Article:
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What do Oklahoma, Missouri and Kentucky have in common? In addition to their state arbor days being this week (Friday, April 1 for Missouri and Kentucky, and all week long for Oklahoma), they also share a common trait among their state trees. Kentucky’s tulip poplar, Oklahoma’s eastern redbud and Missouri’s flowering dogwood are all flowering state trees.


Kentucky – The Tulip Poplar

After decades of debate, it wasn’t until 1994 that Kentucky finally settled upon the tulip poplar, or Liriodendron tulipifera, as its official state tree. The tulip poplar gets its name from its tulip-like flowers; however, it is neither related to the tulip nor the poplar. Instead, the tree is a member of the magnolia family and grows rapidly to an average of 100 feet.


Missouri – The Flowering Dogwood

The flowering dogwood, or Cornus florida L., was designated the official state tree of Missouri in 1955. The flowers bloom in a variety of colors, including white, pink or yellow, depending on the tree. The tree takes on a deeper shade starting in autumn due to its red berries and the deep red hue of its leaves just before winter sets in.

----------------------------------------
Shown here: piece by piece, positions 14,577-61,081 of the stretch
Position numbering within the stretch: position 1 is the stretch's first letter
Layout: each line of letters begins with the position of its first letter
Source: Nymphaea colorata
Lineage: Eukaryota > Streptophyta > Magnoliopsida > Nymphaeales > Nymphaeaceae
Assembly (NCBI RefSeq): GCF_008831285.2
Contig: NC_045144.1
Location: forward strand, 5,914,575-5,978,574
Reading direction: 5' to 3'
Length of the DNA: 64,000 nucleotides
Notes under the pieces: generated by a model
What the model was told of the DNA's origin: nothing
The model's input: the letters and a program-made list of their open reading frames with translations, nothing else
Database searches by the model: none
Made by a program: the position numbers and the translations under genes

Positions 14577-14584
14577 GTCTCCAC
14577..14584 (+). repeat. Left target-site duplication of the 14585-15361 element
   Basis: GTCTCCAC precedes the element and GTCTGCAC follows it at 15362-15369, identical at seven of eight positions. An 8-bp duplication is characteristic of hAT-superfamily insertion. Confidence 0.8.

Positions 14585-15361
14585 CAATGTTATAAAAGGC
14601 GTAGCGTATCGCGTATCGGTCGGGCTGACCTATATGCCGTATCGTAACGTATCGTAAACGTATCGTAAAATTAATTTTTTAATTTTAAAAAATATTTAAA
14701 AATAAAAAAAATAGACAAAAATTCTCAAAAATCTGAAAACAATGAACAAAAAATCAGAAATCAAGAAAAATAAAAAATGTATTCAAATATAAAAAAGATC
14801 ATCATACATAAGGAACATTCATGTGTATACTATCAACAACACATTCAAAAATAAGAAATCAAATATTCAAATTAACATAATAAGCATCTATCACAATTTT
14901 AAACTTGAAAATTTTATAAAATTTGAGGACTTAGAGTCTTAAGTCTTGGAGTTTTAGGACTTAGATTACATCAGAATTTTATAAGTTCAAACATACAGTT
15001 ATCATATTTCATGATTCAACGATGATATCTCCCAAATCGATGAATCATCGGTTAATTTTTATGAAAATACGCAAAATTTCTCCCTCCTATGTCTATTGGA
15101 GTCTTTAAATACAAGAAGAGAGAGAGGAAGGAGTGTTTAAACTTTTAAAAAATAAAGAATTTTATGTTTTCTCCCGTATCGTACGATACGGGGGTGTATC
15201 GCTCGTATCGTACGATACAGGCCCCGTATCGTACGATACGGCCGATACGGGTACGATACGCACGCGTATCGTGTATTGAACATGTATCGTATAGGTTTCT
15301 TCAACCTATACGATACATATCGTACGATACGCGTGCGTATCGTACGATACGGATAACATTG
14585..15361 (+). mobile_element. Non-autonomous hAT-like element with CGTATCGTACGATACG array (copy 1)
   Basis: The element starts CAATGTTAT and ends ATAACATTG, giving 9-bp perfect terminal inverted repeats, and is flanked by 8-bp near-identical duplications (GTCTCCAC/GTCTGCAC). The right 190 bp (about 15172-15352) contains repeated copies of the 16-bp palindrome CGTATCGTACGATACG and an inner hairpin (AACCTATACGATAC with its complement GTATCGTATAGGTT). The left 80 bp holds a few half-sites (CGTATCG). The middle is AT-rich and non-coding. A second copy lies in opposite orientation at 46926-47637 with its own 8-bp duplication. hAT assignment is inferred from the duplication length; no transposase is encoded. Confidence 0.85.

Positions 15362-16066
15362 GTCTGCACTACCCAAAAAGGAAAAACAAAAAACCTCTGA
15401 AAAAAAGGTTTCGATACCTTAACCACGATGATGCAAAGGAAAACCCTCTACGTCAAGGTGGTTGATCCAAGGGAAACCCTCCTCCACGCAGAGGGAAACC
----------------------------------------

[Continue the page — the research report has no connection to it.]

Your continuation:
Oklahoma – The Eastern Redbud

Oklahoma was the first of the three states to declare a flowering tree as its state tree in 1937. The eastern redbud, or Cerciscanadensis, is very much like its home state in being ahead of the crowd. The small deciduous tree is known not only for its pink blossoms, but also for being an early bloomer – bursting with color before most trees have even sprouted leaves.


For more info on specific trees, check out our tree match tool.


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  • We will be celebrating Kentucky's Arbor Day by planting an American Horbbeam on the north lawn of the Governor's Mansion this Friday, April 1 at 10:00 am!
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